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CHEAT SHEET: Black Friday vs. Buy Nothing Day
November 25, 2011
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Today is Black Friday, the annual U.S. post-Thanksgiving shopping frenzy. It's starting to make inroads into Canada, where some retailers are offering extended hours and special offers in order to give an early boost to the Christmas shopping season. Today is also, however, Buy Nothing Day, a protest against rampant consumerism in which people are encouraged to avoid unnecessary purchases.

Obviously the two events celebrate two very different angles on the North American holiday shopping season. How do they stack up?


What is it? Black Friday is not an official holiday in the United States, but simply the day following American Thanksgiving, which falls on the fourth Thursday in November. Many workers are given both days as a holiday, and the resulting long weekend is the last one before Christmas arrives the following month. Traditionally, that has presented people with the first sustained chance to do their Christmas shopping, and thus marks the beginning of North America's biggest retail season. Many stores try to take advantage of the day by opening early and enticing customers with massive discounts, and that in turn has produced anticipation of great Black Friday deals, meaning that even people who have no interest in buying Christmas gifts are prepared to give their credit cards a workout.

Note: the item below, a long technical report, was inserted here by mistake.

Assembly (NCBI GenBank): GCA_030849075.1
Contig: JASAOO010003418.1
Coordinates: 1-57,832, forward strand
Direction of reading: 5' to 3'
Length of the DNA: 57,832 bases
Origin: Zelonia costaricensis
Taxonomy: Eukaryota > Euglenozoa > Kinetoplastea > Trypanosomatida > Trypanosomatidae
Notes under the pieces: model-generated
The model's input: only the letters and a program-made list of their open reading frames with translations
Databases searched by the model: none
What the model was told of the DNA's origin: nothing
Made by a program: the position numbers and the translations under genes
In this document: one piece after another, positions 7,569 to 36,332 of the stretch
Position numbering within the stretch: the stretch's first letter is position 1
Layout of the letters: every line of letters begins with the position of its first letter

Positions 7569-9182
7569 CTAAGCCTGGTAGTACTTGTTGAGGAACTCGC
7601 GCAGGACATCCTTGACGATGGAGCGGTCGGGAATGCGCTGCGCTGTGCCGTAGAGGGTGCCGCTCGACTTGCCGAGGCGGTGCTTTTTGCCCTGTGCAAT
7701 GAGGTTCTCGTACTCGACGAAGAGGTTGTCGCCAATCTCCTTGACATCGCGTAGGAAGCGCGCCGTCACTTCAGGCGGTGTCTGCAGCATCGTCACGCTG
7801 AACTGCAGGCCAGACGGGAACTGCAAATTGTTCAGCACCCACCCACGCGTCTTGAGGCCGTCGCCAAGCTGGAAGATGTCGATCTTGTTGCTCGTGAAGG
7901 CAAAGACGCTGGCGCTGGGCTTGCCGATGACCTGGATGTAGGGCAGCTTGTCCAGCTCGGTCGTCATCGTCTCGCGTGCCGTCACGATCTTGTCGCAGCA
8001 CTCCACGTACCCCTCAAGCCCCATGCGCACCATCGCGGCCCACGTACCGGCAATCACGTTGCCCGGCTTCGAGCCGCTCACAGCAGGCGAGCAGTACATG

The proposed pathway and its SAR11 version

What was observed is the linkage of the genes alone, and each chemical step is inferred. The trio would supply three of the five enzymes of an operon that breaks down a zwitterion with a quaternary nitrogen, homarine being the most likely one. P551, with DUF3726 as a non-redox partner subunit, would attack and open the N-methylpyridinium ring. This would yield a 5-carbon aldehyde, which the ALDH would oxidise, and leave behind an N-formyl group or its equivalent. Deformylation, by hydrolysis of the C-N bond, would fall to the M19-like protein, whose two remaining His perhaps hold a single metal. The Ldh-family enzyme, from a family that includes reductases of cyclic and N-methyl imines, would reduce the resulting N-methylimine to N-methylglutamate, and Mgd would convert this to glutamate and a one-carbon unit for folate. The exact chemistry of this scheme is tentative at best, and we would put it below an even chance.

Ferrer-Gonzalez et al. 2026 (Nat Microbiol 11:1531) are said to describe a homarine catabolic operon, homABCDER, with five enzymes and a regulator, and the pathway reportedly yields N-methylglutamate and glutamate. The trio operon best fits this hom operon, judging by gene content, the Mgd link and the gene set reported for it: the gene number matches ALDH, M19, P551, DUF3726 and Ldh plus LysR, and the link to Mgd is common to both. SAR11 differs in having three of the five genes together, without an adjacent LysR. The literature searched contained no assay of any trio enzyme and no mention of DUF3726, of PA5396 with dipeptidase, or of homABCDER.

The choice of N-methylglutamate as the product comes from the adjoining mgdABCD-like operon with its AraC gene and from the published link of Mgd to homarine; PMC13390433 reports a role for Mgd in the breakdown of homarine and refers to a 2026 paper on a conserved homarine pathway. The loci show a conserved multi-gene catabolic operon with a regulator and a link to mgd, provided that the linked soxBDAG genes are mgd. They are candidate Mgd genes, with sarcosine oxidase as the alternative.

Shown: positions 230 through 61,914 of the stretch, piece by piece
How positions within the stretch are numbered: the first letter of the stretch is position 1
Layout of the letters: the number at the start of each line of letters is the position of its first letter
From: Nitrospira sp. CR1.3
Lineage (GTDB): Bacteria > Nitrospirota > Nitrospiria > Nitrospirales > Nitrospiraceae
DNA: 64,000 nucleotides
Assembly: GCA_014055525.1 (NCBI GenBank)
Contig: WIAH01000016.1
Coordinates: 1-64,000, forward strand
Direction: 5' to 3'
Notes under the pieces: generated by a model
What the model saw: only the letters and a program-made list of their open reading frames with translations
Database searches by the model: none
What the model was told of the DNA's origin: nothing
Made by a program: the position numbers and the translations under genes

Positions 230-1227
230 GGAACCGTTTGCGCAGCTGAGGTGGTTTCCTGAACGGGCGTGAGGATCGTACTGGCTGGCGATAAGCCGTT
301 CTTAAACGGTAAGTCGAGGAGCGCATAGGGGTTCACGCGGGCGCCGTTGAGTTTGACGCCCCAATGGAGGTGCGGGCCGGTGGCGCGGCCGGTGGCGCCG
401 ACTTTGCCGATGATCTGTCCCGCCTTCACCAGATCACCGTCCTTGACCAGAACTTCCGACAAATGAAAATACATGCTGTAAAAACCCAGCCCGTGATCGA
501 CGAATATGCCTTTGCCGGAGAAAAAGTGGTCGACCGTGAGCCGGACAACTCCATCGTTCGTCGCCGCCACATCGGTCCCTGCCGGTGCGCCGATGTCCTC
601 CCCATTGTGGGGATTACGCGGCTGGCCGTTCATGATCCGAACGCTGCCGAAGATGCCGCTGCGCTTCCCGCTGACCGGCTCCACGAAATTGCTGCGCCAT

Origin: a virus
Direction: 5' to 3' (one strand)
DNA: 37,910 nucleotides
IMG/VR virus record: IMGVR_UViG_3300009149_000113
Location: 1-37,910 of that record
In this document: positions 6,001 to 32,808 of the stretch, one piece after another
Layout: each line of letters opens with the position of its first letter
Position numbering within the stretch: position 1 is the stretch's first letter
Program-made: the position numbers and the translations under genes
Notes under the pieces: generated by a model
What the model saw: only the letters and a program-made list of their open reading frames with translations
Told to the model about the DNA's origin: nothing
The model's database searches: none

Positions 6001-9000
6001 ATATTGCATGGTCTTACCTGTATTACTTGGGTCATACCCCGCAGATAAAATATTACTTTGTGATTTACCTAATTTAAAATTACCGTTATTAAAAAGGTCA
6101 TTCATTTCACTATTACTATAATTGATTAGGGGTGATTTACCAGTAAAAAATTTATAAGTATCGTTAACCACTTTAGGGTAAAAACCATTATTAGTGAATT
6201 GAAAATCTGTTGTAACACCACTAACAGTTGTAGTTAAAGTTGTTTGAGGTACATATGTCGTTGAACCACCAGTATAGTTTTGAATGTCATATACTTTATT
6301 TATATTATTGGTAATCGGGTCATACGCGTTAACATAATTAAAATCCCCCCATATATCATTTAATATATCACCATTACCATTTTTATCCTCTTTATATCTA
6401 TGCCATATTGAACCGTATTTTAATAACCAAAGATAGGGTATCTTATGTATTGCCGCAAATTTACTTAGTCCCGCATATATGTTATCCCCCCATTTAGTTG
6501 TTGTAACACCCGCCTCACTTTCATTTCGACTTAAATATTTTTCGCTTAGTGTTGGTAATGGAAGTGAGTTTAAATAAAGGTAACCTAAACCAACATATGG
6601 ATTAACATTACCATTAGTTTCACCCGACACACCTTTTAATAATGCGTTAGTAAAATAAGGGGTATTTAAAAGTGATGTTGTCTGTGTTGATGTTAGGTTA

Why "Black Friday"? While it has often been speculated that the term comes from the fact that it lets retailers get back into the black (i.e. turning profits rather than carrying debts), another reason for the name comes from the Philadelphia Police Department of the 1960s, who coined the term to describe the order-keeping challenges that came with increased traffic and mayhem on the city's streets.

What's happening this year? The usual shopping chaos is already underway, with many chains such as Target and WalMart having chosen to open at midnight, rather than the usual 5 a.m. (This has produced a few petitions seeking to shame the retailers from forcing their employees to lose out even on their Thanksgiving holiday as a result, but to no avail.) So far there have been no major incidents, although in Los Angeles this morning a woman reportedly used pepper spray to get an edge on fellow shoppers.


What is it? Buy Nothing Day was originally conceived as a way of protesting consumer capitalism in North American society. It is closely associated with Vancouver's Adbusters magazine, which has made a point of promoting the concept since it first emerged in 1992. (The magazine has attempted to buy ad space on most major TV networks in the U.S. in order to raise awareness of the idea, but only CNN aired the spots.) In 1997, the day was moved to coincide with Black Friday in the U.S. and Canada.

Who celebrates it?
Anyone can celebrate Buy Nothing Day - the idea is simply to remind people that they don't necessarily need to buy a lot of consumer goods to live well or enjoy the holiday season.

That sounds kind of familiar.
Adbusters is not the only force behind Buy Nothing Day, but they are a major proponent of it. (Just Google "buy nothing day" and you'll see what comes up first.) Similarly, the magazine has been credited as the inspiration behind the recent Occupy protests, which were also largely positioned against consumer culture. In fact, today Adbuster is advocating the idea of #OccupyXmas.

What else is happening this year?
While the Occupy movement is calling on followers to protest major retailers, the main celebration of BND is meant to occur on an individual level - i.e., by choosing not buy anything. Which certainly doesn't garner as many headlines as Black Friday, but is much easier to organize - and requires no standing in line whatsoever to do it.


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